On and on it went. About 15 minutes later, the teacher had to cut them off. They all kept their hands up, just in case she relented.
It was a stunning turn of events for me. I found myself wondering where was that unperceivable pivot in life in which we went from asking all the questions to questioning nothing? When did that unbridled joy of finding stuff out stop for us? What age was it that we stopped being forthright and nosy and started being shy or reticent? If my unscientific analysis is anything to go by, it’s somewhere between first and ninth grade and in my book, that’s way too soon.
We got this far as a country, a people and a planet by asking questions. Who says the world is flat? Why can’t we build a flying machine? What if we made people wear too much hair gel and call themselves disparaging pseudo-Italian names on the air? Some answers came quickly, others took time, but they all found a way to the surface because someone decided it was worth it to ask about something.
In social situations, too often we hear people say something that makes no sense and rather than challenge the assumption, ask the question or in some other way make it known that we’re not “with you” on that, we do the “Yeah, I know, right?” thing. I honestly think this is how Scott Walker is able to run ads about how shitty Milwaukee has been without ever being called on the fact he was the COUNTY EXECUTIVE for that area as well as the GOVERNOR for the state in which Milwaukee exists. Instead of saying, “Wait a minute, if Tom Barrett lost all those “Milwaukee jobs,” what were you doing for the county at that point to stop him/restore lost work? Was the county not losing anything?” we mutter and move on or do the “Yeah, I know, right?” thing.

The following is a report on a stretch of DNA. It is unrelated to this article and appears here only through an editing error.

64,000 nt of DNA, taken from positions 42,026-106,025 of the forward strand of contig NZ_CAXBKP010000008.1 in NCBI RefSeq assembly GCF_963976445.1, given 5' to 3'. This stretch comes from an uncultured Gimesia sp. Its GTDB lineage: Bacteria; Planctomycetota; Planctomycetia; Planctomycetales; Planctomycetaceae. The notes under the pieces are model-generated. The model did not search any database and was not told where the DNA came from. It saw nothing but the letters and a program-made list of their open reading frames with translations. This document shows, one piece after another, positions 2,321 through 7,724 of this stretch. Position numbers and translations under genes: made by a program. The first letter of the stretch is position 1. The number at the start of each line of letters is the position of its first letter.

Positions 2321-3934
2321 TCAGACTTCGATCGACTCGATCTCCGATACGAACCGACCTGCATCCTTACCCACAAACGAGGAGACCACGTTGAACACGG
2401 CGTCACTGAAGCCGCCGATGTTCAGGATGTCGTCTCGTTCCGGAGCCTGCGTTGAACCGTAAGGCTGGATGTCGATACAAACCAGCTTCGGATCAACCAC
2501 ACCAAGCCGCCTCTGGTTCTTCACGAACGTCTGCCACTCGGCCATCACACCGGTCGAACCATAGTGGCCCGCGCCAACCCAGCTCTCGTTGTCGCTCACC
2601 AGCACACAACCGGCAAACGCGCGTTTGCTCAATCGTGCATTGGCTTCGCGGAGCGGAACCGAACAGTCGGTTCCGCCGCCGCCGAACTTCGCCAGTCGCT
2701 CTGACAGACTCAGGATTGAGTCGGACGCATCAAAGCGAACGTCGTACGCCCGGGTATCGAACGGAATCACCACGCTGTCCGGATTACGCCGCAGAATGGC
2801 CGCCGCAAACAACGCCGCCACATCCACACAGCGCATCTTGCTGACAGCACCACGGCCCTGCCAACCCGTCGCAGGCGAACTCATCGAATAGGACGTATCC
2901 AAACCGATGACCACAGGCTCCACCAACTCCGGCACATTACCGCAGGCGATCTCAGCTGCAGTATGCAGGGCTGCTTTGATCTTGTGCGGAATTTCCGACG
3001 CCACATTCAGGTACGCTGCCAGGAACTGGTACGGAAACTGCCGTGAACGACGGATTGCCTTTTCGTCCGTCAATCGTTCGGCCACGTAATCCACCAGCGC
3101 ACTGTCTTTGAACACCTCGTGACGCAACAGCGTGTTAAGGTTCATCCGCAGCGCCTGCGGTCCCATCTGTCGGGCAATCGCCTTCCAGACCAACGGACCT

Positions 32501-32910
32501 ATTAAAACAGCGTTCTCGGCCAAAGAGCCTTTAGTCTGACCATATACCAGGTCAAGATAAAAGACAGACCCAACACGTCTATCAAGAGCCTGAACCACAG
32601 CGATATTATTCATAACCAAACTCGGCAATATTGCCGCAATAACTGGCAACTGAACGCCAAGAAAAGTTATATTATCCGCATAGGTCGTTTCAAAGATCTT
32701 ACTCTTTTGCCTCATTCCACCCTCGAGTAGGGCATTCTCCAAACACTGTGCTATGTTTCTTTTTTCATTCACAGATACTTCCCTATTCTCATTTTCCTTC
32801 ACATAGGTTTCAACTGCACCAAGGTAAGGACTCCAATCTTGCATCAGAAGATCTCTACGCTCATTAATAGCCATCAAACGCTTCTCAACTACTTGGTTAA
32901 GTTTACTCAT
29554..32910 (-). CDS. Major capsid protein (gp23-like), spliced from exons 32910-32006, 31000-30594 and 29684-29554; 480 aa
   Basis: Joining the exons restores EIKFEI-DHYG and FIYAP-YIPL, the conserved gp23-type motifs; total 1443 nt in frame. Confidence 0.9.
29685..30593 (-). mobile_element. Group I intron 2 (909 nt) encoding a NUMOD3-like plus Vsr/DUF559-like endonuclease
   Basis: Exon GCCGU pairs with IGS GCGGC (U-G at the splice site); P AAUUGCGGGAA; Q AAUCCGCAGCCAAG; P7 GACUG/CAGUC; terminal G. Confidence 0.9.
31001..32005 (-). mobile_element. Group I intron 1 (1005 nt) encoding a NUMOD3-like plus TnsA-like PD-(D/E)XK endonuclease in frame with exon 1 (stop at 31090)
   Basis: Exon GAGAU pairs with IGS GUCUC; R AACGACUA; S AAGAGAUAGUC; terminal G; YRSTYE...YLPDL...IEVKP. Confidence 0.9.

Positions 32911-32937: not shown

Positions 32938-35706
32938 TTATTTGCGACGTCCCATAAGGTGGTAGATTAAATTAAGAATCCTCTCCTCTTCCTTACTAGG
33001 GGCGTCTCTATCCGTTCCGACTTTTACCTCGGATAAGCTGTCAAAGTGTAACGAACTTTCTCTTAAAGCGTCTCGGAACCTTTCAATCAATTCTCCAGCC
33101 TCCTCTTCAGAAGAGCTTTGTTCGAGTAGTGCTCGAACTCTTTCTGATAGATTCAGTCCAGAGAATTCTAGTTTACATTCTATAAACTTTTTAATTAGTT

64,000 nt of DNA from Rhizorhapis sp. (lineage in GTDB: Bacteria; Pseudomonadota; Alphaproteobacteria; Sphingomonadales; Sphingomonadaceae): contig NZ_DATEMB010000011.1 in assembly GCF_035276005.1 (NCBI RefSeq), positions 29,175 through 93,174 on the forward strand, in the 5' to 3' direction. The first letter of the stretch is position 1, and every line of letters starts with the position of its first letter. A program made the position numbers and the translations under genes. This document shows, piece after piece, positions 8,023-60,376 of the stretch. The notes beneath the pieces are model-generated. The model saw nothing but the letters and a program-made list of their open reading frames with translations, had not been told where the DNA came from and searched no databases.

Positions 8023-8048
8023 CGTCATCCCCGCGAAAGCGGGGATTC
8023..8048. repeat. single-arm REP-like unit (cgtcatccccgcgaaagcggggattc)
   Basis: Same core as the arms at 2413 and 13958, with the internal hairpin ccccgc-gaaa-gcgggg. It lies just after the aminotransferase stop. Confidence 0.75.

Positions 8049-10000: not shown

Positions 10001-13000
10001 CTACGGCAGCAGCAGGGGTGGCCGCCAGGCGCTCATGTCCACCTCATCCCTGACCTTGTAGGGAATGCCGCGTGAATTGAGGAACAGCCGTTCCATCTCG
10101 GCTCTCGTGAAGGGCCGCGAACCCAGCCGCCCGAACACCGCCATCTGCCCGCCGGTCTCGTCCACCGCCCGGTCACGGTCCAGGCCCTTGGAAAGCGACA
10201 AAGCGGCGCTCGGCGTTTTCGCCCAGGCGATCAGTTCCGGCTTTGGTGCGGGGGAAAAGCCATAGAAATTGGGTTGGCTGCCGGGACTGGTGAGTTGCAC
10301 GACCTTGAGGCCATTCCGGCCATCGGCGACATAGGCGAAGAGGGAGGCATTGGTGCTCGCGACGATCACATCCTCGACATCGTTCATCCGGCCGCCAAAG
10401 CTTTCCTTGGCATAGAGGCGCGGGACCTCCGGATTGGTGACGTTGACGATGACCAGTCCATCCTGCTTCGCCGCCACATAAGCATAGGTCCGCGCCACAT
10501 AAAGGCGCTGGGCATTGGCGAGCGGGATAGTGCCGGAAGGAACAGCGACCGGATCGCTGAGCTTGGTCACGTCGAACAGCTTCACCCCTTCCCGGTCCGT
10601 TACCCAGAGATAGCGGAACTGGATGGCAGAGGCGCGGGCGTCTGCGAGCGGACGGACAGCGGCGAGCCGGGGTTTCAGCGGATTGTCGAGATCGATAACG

Little kids aren’t afraid of telling you where the bear shit in the buckwheat. If they don’t get it, they don’t get it and they’ll tell you as much. If they don’t eating something, they’re not eating it politely with a “Mmm… Wow… What IS this?” smile. They’re shuddering and coughing like a shitty lawnmower and saying, “I no like this!”
And they’ll remind you of that each time you make it.
And they’ll tell their grandparents what kind of shitbag cook you are as well.
Most of all, they question things because they know they don’t know everything. Somewhere along the way, we figure we’d better know everything or at least not let on that we don’t.
At that point, we allow others who know less to talk more and do horrible things.
Why is that?